Film, Reviews
Dec 3, 2012


Some films dazzle and pull you in from the very first scene. Starlet offers a gradual yet engaging process into the introduction of its characters, its surroundings and its overall appeal. It seems as the more the movie progresses, the more information we learn, slowly letting us into the worlds of the main protagonists. As this story of an unlikely friendship unfolds, so do the character’s lives.

Dree Hemingway (great granddaughter of Ernest Hemingway) sparkles in her first lead role as Jane, a quirky, warm-hearted twenty-something crashing with her two dim-witted roommates. At first, it appears Jane is wandering aimlessly through life, getting high with roomies Melissa (Stella Maeve) and her strung-out boyfriend Mikey (James Ransone). In fact, director Sean Baker (Prince of Broadway) who also co-wrote the film uses both the film’s score and backdrop to convey a sense of loneliness and ambiguity.

Taking place in California’s San Fernando Valley (known as “The Valley”), the background always appears deserted and depressing, matching the mood of the film’s mysteries. It’s the perfect scenery for when Jane meets irritable Sadie (Besedka Johnson), an 85-year-old widow at a yard sale. After purchasing a thermos with her dog Starlet who never leaves her side, Jane returns home and surprisingly finds $10,000 in rolled-up bills inside. It is unknown if Sadie is aware of the money’s existence, but Jane’s curiosity brings her back to her home, forming an odd relationship between two women who both appear to lack a firm grip on their lives.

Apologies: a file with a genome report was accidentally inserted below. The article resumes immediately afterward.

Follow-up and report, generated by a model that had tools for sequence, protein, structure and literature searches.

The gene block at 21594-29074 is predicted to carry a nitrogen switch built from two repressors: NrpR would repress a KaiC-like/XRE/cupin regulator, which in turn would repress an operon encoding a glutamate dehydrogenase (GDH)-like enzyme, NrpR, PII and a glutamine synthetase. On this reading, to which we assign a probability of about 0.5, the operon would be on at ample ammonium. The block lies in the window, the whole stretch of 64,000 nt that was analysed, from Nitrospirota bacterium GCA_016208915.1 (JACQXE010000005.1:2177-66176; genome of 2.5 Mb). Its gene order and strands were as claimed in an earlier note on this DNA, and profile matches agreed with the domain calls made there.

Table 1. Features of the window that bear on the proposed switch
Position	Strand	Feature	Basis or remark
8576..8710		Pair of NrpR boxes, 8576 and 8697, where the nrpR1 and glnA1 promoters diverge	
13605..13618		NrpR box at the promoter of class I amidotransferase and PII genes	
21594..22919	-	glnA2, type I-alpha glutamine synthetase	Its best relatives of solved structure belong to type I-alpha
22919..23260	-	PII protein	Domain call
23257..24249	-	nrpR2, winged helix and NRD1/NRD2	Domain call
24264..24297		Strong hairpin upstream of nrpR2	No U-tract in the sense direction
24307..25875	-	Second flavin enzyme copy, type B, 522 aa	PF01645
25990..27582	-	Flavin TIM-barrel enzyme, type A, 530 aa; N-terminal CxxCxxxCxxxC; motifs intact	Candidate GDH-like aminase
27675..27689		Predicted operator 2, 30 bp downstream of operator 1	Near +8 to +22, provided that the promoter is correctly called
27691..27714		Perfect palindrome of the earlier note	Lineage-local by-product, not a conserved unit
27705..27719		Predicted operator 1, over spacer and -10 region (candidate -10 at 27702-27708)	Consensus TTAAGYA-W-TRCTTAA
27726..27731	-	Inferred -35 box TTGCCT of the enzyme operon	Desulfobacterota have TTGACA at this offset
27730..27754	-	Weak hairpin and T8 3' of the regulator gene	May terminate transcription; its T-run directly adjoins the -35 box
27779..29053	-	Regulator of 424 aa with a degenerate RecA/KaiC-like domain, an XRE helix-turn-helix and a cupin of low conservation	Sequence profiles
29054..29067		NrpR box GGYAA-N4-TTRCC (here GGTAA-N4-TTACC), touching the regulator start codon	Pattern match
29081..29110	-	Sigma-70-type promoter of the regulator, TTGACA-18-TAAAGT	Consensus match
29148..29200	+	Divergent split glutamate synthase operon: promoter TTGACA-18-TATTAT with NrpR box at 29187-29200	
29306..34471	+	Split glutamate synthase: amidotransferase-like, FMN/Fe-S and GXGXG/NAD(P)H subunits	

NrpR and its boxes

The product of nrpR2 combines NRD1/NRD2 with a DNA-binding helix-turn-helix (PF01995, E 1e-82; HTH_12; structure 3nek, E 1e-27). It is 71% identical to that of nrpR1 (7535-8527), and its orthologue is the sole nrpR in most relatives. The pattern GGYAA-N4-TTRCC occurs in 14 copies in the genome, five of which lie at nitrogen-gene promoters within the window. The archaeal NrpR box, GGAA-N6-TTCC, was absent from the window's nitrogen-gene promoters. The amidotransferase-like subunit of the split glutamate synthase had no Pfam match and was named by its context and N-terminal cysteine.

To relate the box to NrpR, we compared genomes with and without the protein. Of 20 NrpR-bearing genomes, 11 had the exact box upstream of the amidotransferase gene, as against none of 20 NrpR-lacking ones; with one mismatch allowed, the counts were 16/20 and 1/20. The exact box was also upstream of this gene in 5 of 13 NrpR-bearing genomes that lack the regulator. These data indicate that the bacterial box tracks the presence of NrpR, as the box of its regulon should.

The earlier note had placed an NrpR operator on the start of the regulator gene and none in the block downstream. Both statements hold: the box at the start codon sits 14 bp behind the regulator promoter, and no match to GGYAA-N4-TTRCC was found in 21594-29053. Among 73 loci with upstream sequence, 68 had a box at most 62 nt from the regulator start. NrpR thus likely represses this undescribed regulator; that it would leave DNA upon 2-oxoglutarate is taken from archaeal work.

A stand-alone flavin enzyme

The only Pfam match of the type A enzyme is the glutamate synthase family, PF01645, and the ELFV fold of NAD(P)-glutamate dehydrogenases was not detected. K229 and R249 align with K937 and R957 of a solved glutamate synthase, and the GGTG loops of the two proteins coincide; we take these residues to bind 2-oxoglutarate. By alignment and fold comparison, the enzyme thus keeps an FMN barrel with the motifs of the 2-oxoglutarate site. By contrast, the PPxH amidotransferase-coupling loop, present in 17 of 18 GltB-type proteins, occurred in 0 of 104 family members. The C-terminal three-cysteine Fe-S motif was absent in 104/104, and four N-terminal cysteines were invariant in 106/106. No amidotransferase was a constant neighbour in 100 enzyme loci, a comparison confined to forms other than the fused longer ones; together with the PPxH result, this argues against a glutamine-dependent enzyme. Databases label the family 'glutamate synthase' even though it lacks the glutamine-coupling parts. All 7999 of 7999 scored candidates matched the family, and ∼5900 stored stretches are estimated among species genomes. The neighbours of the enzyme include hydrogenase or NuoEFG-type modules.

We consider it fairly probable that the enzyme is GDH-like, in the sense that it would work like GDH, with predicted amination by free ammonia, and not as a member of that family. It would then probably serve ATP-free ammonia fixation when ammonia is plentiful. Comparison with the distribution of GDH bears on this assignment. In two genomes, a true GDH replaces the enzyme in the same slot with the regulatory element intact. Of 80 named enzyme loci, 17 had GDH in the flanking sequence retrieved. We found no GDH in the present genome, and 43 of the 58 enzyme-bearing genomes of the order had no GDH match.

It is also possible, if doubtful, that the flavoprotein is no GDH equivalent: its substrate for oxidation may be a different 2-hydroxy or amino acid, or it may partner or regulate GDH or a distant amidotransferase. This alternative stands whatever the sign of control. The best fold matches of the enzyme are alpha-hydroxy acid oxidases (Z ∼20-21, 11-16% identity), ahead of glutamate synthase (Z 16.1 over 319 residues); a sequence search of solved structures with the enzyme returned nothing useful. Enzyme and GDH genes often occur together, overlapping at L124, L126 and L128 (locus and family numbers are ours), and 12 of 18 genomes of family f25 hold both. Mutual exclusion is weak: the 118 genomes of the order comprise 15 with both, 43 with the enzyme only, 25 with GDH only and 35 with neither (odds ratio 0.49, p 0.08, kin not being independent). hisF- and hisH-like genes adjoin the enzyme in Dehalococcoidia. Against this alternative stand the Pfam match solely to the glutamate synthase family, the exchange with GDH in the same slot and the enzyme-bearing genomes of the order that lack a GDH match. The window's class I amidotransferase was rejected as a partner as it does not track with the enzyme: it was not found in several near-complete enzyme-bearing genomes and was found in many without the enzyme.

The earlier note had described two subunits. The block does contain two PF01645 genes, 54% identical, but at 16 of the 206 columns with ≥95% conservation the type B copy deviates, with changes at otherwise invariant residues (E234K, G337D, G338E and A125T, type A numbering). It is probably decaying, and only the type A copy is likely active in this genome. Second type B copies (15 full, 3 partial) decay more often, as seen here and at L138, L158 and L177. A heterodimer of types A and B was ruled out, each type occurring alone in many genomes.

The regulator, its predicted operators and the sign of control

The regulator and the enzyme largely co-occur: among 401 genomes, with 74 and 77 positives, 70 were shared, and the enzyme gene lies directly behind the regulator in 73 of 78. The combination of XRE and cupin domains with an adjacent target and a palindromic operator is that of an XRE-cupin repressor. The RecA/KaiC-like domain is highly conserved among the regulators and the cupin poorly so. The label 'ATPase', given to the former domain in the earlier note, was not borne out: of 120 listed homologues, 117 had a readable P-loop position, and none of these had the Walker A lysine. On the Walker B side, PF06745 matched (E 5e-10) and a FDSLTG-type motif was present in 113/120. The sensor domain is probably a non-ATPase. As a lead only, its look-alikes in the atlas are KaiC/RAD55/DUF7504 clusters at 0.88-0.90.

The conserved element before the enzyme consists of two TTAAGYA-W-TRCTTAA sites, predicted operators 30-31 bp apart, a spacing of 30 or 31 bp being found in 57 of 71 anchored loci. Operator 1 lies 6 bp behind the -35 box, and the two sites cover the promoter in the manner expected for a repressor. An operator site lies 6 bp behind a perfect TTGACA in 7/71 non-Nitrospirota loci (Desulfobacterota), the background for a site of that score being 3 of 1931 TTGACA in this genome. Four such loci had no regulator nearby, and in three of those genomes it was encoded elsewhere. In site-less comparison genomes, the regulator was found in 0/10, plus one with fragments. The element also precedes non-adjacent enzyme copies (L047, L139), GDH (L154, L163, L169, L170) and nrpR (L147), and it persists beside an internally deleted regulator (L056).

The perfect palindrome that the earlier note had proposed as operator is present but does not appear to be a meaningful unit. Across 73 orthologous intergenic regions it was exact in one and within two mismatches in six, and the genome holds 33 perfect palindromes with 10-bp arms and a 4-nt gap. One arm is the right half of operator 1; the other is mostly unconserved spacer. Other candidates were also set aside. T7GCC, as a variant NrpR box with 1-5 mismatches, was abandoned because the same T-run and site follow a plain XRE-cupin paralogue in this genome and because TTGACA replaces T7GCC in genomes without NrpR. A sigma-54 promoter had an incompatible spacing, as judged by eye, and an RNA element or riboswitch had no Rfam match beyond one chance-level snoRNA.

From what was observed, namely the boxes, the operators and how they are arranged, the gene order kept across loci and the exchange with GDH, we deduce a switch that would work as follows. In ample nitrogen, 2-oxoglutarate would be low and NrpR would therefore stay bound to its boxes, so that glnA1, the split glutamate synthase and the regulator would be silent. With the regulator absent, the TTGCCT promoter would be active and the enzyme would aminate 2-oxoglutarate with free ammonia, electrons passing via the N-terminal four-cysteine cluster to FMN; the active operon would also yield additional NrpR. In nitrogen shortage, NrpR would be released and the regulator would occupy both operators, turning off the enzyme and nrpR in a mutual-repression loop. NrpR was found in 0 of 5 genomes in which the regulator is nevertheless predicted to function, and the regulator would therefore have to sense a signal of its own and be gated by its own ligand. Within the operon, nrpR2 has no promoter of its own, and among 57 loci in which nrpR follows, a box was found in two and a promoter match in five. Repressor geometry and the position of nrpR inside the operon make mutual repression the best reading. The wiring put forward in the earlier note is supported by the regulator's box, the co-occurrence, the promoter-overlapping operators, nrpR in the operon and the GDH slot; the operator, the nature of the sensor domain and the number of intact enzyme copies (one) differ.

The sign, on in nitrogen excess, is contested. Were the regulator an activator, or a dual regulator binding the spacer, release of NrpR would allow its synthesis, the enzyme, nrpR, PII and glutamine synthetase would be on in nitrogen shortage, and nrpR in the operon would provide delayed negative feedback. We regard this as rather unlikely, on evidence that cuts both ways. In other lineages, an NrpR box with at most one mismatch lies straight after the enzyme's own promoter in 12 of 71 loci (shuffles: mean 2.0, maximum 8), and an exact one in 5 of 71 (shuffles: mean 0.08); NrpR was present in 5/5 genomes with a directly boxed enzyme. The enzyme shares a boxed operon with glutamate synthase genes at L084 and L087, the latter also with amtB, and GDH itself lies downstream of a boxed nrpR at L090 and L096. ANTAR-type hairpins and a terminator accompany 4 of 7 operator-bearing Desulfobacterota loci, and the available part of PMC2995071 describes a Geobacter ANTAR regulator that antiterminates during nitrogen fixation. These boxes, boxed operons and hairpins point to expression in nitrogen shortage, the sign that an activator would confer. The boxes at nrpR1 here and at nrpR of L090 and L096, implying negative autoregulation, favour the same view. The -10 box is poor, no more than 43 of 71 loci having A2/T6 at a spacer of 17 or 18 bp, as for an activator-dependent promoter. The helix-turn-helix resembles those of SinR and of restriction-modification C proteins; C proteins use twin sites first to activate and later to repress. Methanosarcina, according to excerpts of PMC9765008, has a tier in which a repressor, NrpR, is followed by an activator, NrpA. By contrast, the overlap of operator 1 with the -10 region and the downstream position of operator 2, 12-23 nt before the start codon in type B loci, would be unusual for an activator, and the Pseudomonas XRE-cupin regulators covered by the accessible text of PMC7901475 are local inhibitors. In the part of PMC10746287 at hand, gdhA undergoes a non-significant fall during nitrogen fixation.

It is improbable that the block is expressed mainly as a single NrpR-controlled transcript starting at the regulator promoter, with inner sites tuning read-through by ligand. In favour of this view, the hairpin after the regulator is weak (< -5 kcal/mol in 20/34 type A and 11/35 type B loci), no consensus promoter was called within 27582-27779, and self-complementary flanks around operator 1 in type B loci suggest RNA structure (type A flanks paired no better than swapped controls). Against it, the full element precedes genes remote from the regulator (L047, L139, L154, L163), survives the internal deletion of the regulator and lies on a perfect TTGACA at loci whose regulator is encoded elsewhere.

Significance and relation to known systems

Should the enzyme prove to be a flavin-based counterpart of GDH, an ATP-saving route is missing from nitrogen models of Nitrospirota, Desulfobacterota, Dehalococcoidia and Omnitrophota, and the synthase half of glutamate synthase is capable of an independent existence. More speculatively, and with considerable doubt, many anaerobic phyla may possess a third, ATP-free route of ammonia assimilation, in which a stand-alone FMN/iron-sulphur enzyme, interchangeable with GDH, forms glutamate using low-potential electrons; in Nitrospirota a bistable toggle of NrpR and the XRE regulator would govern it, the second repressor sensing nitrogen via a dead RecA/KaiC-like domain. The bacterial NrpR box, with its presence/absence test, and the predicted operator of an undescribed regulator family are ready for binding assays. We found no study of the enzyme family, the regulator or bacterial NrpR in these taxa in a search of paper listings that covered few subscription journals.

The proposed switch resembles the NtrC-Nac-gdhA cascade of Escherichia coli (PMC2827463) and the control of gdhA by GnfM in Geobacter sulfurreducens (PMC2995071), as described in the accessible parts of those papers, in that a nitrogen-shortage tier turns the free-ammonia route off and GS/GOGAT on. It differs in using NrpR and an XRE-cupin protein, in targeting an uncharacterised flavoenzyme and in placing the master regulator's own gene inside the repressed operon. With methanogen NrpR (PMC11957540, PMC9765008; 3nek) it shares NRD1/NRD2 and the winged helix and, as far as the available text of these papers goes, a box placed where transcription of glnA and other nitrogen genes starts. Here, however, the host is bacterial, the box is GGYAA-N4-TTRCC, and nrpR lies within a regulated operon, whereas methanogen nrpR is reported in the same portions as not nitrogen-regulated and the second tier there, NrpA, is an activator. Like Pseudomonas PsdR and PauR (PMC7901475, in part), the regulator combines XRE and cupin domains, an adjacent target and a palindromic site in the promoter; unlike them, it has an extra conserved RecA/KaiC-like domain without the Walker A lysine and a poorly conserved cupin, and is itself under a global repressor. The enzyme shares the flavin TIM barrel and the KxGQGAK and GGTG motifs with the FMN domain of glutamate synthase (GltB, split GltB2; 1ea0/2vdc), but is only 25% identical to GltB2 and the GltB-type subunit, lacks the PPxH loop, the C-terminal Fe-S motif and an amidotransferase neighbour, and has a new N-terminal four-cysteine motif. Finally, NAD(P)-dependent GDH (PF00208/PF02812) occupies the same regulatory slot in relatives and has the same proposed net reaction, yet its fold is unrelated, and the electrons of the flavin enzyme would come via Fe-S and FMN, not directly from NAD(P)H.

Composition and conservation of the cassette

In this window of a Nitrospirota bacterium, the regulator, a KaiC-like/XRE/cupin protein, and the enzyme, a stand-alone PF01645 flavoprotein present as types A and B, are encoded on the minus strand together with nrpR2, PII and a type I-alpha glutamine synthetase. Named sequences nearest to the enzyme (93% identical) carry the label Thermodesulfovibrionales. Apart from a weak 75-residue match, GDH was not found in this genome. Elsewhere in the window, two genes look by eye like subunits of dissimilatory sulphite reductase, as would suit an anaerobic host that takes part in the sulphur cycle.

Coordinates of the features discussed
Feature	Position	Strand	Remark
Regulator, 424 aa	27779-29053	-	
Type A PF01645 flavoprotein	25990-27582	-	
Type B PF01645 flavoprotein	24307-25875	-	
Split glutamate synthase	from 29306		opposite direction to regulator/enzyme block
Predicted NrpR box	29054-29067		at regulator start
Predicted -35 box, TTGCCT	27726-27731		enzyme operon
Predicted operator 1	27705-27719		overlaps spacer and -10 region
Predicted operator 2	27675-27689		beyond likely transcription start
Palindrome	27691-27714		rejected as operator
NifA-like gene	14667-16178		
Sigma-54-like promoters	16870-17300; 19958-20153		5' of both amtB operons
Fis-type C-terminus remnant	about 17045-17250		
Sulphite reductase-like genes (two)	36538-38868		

While we are never quite sure if it is out of guilt or perhaps something else entirely, Jane attempts to immerse herself in Sadie’s life. The old woman is at first reluctant to let her in but eventually relents. As we learn more about the characters, particularly the nature of both Jane and her roommate’s employment, the relationship grows. But the ambiguity of both Jane and Sadie remain throughout the entire film, keeping us invested as we continue to question their intents.

The acting of the entire cast is both superb and sincere, serving as one of the driving forces of the film’s allure and excellence. Dree Hemingway, winner of the Hamptons International Film Festival’s Breakthrough Performance is both charming and mysterious. Even when we don’t know much about her character, you still want the pleasure of her company. Without a doubt the oldest “newcomer” in Hollywood, Besedka Johnson offers an incredibly authentic performance in her first onscreen role. Even Jane’s roommates, actors Maeve and Ransone are exceptionally talented scene-stealers, with their own lives spiraling out of control. This plays brilliantly into the film’s theme of lonesomeness and need for human compassion and connection. It is It is no surprise that it was just announced that Starlet will receive the Robert Altman Award bestowed on one film’s director, casting director, and ensemble cast at this year’s Film Independent Spirit Awards.

If Starlet lacks anything, it’s only the fact that the audience may be left wondering how much the characters have grown once the credits begin to role. But questioning the intentions of every act of every character is what makes this film so compelling. These questions will have your eyes glued until the very end.

3.5 stars out of 4

Starlet is currently in select theaters. Click here for trailer.